Aaron Boone often has found sunlight in the darkest of alleys.
But it’s becoming increasingly difficult to do that with Sonny Gray.
After several days of some at-times-breathless media dissection of an altered delivery, hand positioning and Gray’s desire to become more “athletic” on the mound, the righthander turned in a performance remarkably similar to his other 2018 outings.
If you haven’t been paying attention, that’s not a good thing.
Handed a pair of two-run leads, Gray failed to get through four innings in an 8-5 loss to the Blue Jays on another frosty night at the Stadium that included a wind-chill of 36 degrees by game’s end.
“I’m frustrated, yeah,” Gray said. “I expect a lot more from myself. We hit a two-run homer, I give up a two-spot the next inning. We got another two-run homer to take the lead and I give the lead right back up. That’s frustrating not only for myself but for the rest of the guys in the locker room for sure.’’
Gray, coming off an erratic outing April 12 in Boston in which he allowed six runs in three innings, gave up five runs, five hits and four walks in 3 1⁄3 innings Friday night, swelling his ERA to 8.27 in four starts. He didn’t take the loss, but that didn’t make his outing any more impressive.
“The fastball velocity was down and then just a struggle getting behind some guys and then mistakes and it turned into a tough night for him,’’ said Boone, who added that he doesn’t think the dip in velocity is due to an injury. “So we have to kind of circle the wagons with him and continue to work through it because he’s really important to us. But this was tough tonight.”
Gray didn’t make much of the drop in velocity. “I feel fine,” he said. “It’s 40 degrees outside. I don’t think anybody’s throwing as hard as they’re going to in the middle of the summer.”
Of the delivery adjustments, he said: “I tried to continue the work we put in during the week. It just kind of fell apart there in the middle innings.”
The Yankees, who got two-run homers by Tyler Austin and Giancarlo Stanton and a solo shot by Miguel Andujar but had exactly two at-bats with runners in scoring position (they went 0-for-2), fell to 9-9. Entering the Boston-Oakland game late Friday night, the Yankees already were seven games behind the Red Sox, off to the best start in franchise history.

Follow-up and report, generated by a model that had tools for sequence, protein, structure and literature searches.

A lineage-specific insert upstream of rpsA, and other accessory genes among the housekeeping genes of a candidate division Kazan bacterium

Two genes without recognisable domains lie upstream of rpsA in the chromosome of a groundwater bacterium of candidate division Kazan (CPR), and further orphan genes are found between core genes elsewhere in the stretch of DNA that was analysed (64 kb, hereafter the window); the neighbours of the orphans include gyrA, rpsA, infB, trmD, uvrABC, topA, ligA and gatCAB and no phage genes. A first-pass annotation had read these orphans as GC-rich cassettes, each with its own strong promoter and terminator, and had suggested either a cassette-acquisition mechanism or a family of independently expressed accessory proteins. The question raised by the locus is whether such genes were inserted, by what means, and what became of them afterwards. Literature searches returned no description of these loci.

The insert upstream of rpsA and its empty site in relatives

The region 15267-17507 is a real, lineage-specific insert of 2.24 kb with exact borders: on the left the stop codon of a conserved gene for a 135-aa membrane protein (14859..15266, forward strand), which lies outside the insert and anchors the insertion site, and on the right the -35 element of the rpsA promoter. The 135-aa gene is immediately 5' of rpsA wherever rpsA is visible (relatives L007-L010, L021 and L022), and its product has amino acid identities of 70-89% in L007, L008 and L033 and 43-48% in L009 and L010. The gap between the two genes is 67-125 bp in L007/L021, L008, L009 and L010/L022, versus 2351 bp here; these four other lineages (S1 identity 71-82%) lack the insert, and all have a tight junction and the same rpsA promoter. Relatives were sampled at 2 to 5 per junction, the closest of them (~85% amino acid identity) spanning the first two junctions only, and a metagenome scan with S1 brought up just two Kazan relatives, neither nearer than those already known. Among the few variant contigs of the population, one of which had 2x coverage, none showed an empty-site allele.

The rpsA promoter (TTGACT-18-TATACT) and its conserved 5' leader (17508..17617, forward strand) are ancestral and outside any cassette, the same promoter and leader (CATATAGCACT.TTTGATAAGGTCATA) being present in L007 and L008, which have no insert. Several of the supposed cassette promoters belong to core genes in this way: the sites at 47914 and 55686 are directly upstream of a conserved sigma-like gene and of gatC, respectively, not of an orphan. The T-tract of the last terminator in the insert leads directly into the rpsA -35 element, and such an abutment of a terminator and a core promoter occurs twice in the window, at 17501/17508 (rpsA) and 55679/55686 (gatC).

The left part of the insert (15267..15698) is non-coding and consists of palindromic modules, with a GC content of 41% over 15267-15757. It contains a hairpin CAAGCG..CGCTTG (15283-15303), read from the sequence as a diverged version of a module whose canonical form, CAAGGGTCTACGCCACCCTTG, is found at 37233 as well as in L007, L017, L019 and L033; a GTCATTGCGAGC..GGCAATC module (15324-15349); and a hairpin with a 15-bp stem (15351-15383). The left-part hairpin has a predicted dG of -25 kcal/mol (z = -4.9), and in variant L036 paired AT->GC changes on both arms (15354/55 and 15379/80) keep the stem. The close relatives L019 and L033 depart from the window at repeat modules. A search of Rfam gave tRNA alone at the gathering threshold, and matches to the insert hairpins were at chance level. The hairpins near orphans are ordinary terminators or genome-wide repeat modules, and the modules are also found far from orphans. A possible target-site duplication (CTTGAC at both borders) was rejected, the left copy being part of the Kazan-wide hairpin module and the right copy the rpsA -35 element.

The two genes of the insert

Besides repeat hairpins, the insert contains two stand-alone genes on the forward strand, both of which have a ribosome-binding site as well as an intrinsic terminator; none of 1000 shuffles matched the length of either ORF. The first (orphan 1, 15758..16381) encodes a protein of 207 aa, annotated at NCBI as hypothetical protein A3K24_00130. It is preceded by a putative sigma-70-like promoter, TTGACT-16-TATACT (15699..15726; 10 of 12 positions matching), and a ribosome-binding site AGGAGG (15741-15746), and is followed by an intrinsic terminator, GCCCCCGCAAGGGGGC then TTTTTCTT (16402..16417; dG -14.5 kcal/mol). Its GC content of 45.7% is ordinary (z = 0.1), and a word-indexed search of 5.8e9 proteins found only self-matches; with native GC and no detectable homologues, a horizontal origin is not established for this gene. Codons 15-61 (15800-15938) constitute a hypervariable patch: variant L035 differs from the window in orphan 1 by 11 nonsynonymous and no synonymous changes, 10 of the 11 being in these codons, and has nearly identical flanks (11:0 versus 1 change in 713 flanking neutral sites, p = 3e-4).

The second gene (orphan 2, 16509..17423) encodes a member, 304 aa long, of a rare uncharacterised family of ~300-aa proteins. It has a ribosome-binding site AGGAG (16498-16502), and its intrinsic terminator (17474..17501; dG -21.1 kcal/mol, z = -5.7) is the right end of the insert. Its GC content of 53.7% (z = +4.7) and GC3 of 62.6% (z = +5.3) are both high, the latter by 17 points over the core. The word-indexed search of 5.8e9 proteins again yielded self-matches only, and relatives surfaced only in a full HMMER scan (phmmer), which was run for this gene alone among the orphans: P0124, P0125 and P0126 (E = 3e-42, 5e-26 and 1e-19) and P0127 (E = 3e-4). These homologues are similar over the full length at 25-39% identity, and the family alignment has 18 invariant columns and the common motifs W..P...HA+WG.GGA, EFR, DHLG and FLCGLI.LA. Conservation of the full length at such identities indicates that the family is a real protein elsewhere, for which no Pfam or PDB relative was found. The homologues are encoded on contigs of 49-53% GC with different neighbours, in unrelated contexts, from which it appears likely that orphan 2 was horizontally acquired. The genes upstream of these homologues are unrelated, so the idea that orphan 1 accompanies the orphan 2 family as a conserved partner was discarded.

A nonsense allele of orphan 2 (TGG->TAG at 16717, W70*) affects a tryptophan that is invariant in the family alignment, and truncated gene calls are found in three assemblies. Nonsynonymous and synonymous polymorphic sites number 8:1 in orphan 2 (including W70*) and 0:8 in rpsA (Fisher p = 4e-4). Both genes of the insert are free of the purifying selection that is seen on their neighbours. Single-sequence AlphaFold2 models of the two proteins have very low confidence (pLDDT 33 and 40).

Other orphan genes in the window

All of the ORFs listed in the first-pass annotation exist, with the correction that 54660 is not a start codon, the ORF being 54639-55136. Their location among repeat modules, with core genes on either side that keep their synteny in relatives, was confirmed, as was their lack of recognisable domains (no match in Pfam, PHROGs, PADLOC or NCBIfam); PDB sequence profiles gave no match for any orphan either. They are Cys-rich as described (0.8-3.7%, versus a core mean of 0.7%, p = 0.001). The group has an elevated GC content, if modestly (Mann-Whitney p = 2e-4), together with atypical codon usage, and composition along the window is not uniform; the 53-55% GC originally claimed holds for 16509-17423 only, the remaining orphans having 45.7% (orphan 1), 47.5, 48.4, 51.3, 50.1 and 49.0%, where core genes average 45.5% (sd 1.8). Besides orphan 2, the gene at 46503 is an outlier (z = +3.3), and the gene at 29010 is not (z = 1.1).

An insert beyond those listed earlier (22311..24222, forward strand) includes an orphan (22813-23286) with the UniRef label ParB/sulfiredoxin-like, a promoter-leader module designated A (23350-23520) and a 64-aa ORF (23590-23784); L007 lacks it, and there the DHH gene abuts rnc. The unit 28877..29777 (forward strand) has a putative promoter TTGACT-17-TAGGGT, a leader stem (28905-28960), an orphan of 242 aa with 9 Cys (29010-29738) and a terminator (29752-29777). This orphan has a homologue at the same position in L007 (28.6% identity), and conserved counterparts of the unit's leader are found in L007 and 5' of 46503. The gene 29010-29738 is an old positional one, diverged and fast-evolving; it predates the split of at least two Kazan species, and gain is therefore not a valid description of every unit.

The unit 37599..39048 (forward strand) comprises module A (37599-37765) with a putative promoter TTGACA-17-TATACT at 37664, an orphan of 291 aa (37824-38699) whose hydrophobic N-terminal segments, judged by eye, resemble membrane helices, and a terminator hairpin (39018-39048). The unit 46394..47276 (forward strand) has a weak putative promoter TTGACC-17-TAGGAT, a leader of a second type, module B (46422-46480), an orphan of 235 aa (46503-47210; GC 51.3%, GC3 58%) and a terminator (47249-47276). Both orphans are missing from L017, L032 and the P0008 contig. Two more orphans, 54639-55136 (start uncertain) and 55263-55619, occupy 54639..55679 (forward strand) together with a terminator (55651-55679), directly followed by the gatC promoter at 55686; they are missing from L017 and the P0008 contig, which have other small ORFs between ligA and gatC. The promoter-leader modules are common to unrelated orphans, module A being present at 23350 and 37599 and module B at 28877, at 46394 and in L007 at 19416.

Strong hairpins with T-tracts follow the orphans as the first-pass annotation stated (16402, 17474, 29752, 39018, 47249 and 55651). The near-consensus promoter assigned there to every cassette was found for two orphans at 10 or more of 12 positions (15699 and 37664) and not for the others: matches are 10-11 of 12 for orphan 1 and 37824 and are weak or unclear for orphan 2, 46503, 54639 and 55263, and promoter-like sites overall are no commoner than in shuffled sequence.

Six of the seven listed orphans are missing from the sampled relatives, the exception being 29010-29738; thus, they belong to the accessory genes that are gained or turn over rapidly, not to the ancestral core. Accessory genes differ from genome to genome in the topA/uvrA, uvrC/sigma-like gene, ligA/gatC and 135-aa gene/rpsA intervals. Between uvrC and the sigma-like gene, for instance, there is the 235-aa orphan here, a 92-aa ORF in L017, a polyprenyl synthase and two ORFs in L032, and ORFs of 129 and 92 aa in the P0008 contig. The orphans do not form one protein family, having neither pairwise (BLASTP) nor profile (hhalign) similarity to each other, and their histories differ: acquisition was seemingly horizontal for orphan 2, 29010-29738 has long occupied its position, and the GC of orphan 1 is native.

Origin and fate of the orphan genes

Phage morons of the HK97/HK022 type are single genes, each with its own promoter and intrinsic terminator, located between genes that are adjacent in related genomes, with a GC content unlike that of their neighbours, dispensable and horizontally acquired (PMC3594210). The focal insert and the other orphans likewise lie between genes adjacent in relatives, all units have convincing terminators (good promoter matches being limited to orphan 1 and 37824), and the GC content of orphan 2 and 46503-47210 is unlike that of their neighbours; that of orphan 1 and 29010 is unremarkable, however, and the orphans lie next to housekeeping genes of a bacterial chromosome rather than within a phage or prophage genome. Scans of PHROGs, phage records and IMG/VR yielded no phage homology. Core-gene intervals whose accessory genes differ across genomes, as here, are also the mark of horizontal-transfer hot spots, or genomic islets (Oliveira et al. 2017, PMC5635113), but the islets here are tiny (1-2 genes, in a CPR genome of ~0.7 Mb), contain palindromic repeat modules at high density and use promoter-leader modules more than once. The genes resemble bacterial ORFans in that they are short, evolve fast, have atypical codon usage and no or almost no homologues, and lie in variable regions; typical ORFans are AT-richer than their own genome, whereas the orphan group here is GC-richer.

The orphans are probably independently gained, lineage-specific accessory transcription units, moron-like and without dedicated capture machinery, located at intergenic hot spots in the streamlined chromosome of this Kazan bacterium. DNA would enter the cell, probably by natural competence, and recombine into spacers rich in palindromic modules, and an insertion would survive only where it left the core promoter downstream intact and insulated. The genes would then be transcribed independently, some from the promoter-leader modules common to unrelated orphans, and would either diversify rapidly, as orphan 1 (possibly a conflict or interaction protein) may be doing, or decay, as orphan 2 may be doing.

“We have a lot of season left,” said Stanton, who snapped a homerless stretch of 50 at-bats with his two-out, two-run shot to rightfield in the third that gave the Yankees a 4-2 lead. “A lot of time to catch up.”
The surprising Blue Jays, behind three RBIs from Teoscar Hernandez, including a two-run homer, and a three-RBI night by Lourdes Gurriel Jr., who made his big-league debut after being called up earlier in the day from Double-A New Hampshire, are 13-6.
Toronto righthander Marco Estrada allowed five runs and seven hits in five innings. Three Toronto relievers got the ball to Roberto Osuna, who worked a scoreless ninth for his sixth save.
Aaron Hicks walked with one out in the second and Austin lined a 2-and-1 fastball to right for a 2-0 lead.
Hernandez tied it in the third with his second homer — on a 1-and-1 fastball that Gray and Gary Sanchez said was a good pitch — but the Yankees responded with Stanton’s first home run since April 4.
Gray, however, again could not hold the lead. Russell Martin and Kendrys Morales started the fourth with doubles that made it 4-3. Later in the inning, Gurriel delivered his first career hit, a two-run single that gave the Blue Jays a 5-4 lead. When Curtis Granderson walked, Boone had seen enough, bringing in Domingo German.
Andujar’s homer tied it at 5 in the fourth — and gave him four doubles, a triple and two home runs in his last four games — but Toronto got two in the fifth off German (0-1) and a solo homer by Yangervis Solarte off Adam Warren in the sixth to make it 8-5.
“I believe we have the guys in that room to get it done,” Boone said. “We’ve been hit a little bit, obviously, by the injury bug, but we still have guys in that room very capable of getting it done.”